THE GARDENS AND THEIR REMEDIES

Early in TRMEGA’s formation, Nguya met Jane Satiel Mwalyego, who at the time was very weak. Her husband had died in 2002. She was, in her own words, “living with much stigma” (Saas 2014). She had stopped taking her antiretroviral drugs in the midst of these pressures and the demands of providing for her children as well as her nieces and nephews, whom she had taken in after her brothers had died from AIDS. She tells a story of decline and searching, and of visiting a range of healers. Eventually, she lost the strength to farm. At times, she could not even rise from bed to cook. Both of her parents had passed away. She ran out of money and found herself without enough to be able to feed the children in her household or herself. The vitality that had sustained her life and that of others grew more and more attenuated; the courtyard of her home grew sparse. When Mwalyego reflects on this time, she describes loneliness, and isolation, and anger—anger at healers who took her money, time, and waning strength. But she marks 2010 as the turning point, in which she met Nguya and gradually began building up relations with people and plants.

At the time, TRMEGA focused on teaching people with HIV to “together leave aside stigma” (Kiswahili: nawafundisha waondokane na unyanyapaa). The organization sought to create spaces where people with AIDS could, in its own terms, “get used to each other,” gain the confidence to talk with one another, and “share what is in their hearts.” This language resonated with that of HIV/AIDS support groups. Indeed, Nguya did receive some external support for such work. Most prized at the time were bicycles that would ease outreach efforts and enable more connections. Yet an account of TRMEGA’s approach at this time must acknowledge that stigma here was in translation, a sort of boundary object that often emerges as NGOs appeal to global initiatives in efforts to design local projects and take up medicalized concepts to support interventions into everyday life. The way that TRMEGA actualizes stigma differs from the way that stigma is actualized through psychosocial research and public health programming. The histories of discrimination and social sanction that structure stigma (unyanyapaa) are most accurately accounted for through material instantiations. Stigma, for TRMEGA, glosses a thinning of social relations and all matter of life entangled with them—human, plant, and otherwise. Rather than seeing stigma as a psychosocial phenomenon, a judgment of the mind that can be fixed by addressing ignorance, TRMEGA takes up stigma as a relational phenomenon. It entails a turning away or attenuation of involvement that must be fixed by addressing the density of interconnection through which life is generated. While TRMEGA gladly folds education into its agenda, the efficacy of its efforts lies as much or more in the gatherings convened than in the correction of false beliefs or the transmission of information. Addressing stigma requires a series of encounters that interpolate one into vital, mutualist relations with things, people, and plants. Nguya introduced Mwalyego to mlonge—the Kiswahili word used for many species of moringa, but here for Moringa oleifera in particular. She remembers that Mwalyego’s dramatic response to the plant was the first time that she “saw the power of mlonge.18 Mwalyego gained strength, resumed her antiretrovirals, and started gardening again. She was able to support her children and her brother’s children. Her physical and social life thickened; the landscape around her house grew denser. This experience strengthened the role of mlonge and the centrality of the gardens as remedy in TRMEGA’s work.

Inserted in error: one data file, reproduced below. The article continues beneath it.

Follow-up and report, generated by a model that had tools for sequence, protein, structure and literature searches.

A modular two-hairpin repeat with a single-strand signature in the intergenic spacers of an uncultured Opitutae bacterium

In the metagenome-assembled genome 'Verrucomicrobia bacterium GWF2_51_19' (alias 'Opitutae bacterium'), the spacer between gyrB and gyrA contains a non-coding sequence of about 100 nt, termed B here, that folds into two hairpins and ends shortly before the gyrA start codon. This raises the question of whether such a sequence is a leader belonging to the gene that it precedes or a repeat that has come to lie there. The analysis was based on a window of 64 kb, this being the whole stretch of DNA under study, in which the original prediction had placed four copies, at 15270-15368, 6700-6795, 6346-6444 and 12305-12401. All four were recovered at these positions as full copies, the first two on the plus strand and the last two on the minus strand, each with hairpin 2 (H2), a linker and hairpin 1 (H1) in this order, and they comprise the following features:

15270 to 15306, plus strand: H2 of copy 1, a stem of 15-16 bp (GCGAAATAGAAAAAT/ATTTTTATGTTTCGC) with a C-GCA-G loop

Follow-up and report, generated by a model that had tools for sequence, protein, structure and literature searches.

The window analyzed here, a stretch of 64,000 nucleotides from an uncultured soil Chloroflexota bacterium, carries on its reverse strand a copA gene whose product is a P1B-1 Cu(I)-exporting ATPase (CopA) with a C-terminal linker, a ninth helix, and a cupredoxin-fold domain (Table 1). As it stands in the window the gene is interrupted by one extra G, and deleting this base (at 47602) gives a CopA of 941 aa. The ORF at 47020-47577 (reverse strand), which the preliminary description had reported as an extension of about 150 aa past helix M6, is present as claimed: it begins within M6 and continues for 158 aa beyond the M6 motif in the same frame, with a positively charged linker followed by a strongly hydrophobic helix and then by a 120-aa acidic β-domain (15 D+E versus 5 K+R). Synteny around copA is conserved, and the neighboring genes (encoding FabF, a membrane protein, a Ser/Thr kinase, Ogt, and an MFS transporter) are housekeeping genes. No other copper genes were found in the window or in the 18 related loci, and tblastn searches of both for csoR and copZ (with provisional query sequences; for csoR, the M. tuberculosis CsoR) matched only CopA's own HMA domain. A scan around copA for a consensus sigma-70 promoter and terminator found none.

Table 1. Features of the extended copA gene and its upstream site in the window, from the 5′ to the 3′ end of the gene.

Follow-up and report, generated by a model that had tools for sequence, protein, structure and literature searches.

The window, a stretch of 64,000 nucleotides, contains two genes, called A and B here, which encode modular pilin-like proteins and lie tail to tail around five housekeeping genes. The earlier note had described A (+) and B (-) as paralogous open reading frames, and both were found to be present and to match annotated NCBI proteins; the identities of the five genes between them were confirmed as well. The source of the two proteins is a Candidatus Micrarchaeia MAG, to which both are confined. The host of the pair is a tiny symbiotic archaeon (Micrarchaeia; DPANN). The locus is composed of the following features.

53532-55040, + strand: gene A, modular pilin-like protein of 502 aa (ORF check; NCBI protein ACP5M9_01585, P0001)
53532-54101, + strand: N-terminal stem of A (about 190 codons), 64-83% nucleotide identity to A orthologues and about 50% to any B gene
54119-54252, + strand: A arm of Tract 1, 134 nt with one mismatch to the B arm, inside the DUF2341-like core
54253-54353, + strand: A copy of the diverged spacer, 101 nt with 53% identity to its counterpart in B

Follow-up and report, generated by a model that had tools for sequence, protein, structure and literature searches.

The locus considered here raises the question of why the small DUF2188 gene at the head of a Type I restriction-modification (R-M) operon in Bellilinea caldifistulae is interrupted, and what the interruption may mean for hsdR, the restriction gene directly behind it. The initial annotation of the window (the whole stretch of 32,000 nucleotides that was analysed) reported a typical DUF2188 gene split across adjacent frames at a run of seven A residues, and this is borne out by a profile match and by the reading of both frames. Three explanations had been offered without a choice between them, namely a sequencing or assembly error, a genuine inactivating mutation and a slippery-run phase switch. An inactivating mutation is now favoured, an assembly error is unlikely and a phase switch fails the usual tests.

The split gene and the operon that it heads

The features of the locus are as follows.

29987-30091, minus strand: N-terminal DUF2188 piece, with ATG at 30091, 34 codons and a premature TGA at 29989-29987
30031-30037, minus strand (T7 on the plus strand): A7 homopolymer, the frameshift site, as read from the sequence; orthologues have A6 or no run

<em>Mlonge</em> (<em>Moringa oleifera</em>) in the garden at TRMEGA headquarters in Maji ya Chai
Figure 4. Mlonge (Moringa oleifera) in the garden at TRMEGA headquarters in Maji ya Chai. Photo by Stacey Ann Langwick.